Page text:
> controversial cases, and an assault on public participation and
> democratic public assembly of community members concerned
> about propose MDEQ permits.
>
> >  This is an improvement over the old system.  The person can talk with
> > someone taking statements and have their statement transcribed, or they
> > may have their comment recorded.
>
> MDEQ is already under the obligation to record issues raised
> at a public hearing and to respond to such issues raised.  If they
> fail to do this they risk having their permitting decisions overturned
> on appeal.
>
> >   Regardless, the opportunity to present a written statement to the DEQ
> > -- and to the press for confirmation if desired -- continues to be
> > available.  The written statement still is the most effective.  The
> > person need not be intimidated by having to make their statement to a
> > court reporter.  On the contrary, I can think of nothing more
> > intimidating (personally) than having to stand up in front of a few
> > tens  or hundreds of people and making my statement to a microphone.
>
> Do you think that community members do not want to hear all the
> input that is provided to MDEQ?  This policy trashes that completely.
> The whole concept of a public community hearing is one that is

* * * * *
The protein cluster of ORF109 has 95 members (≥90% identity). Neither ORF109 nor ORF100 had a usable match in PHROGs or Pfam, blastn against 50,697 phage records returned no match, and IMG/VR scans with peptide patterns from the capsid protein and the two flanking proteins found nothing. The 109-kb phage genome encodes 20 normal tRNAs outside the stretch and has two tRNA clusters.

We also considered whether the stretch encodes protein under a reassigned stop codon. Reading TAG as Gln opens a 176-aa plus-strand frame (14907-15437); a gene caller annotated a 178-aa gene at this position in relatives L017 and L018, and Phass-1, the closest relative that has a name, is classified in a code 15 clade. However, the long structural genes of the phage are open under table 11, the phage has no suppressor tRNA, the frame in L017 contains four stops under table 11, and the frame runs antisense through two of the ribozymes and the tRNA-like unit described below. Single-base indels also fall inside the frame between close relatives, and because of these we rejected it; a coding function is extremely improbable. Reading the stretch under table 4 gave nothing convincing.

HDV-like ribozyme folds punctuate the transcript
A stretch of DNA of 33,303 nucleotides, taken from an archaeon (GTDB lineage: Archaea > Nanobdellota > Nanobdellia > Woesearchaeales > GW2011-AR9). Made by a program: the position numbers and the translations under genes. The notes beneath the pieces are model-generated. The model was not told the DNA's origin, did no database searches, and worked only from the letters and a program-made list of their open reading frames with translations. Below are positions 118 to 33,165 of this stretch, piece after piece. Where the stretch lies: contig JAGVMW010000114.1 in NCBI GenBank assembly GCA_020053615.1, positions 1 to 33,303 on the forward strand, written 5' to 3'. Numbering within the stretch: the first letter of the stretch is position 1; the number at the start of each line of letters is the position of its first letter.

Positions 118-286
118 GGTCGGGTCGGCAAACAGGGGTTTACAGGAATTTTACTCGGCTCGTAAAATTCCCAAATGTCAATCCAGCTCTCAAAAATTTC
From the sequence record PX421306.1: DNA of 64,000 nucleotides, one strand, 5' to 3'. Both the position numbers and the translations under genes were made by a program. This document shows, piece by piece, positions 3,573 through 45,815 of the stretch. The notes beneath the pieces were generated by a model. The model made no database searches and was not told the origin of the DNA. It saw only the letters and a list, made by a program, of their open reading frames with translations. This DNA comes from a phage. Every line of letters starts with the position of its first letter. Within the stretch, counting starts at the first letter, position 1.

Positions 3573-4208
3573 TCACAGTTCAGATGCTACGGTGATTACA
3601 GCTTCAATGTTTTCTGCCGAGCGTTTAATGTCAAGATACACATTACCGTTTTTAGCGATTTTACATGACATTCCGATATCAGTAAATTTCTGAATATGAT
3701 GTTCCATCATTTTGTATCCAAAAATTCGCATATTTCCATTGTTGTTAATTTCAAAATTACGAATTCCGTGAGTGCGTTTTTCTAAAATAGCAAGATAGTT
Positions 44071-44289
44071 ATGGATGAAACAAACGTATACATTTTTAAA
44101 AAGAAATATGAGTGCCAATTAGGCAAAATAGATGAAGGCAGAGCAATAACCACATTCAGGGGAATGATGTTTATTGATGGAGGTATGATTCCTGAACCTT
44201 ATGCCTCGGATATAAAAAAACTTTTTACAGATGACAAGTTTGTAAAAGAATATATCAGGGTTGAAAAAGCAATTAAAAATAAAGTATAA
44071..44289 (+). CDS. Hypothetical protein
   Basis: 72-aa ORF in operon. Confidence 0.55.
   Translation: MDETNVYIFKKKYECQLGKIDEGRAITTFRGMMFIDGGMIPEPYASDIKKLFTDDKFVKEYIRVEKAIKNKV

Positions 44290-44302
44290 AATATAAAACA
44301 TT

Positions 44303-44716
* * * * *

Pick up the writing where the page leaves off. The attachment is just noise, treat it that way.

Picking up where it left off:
> deeply ingrained in our public traditions.  Let me share with you
> a graphic depiction of this underlying PUBLIC HEARING tradition as
> expressed in a famous Rockwell painting:
>
> http://www.rockwellprints.com/prints/freespeech.htm
>
> This work of art says more than a thousand words about the importance
> of public testimony heard publicly by community residents and neighbors.
>
> >I find this policy to be balanced.  It provides the public with a
> >previously unavailable opportunity to acquire information from the
> source,  >to make their own decisions based on the facts, to question
> those making  >the decisions, and to provide their comments clearly.
>
> None of such questioning or interaction will appear on any
> record so none of the assurances or information will be
> verifiable and/or enforceable.
>
> The underlying motivation for this policy is anti-public participation,
> anti-public assembly, pro-applicant and anti-federal law compliant.
>
> Note also that permit applicants could use the policy to
> respond to comments made without having to have such comments
> be heard by the public at a public meeting.
>
> The real question is how Engler/Posthumus/Harding/Nash dream
> this stuff up.  They must be getting outside help.  Perhaps Michigan
> is an unwitting laboratory for the machinations of the Heritage
> Foundation, the Legislative Exchange Council nazis or some other right
> wing think tank somewhere.....like when Harding plagerized a supposed
> environmental justice policy from something developed by chemical
> lobbiests.
>
> By the way, Jack, I'd be curious who you work for and whether you
> have any interest/relations with those associated with permit
> applicants before MDEQ and/or MDNR.
>
>
>
> -------------------------------------------------------------------------
> --- Alex J. Sagady & Associates  http://my.voyager.net/~ajs/sagady.pdf
>
> Environmental Enforcement, Technical Review, Public Policy and
> Communications on Air, Water and Waste/Community Environmental Protection
>
> PO Box 39,  East Lansing, MI  48826-0039
> (517) 332-6971; (517) 332-8987 (fax); ajs@sagady.com
> -------------------------------------------------------------------------
> ---
>
>
>
>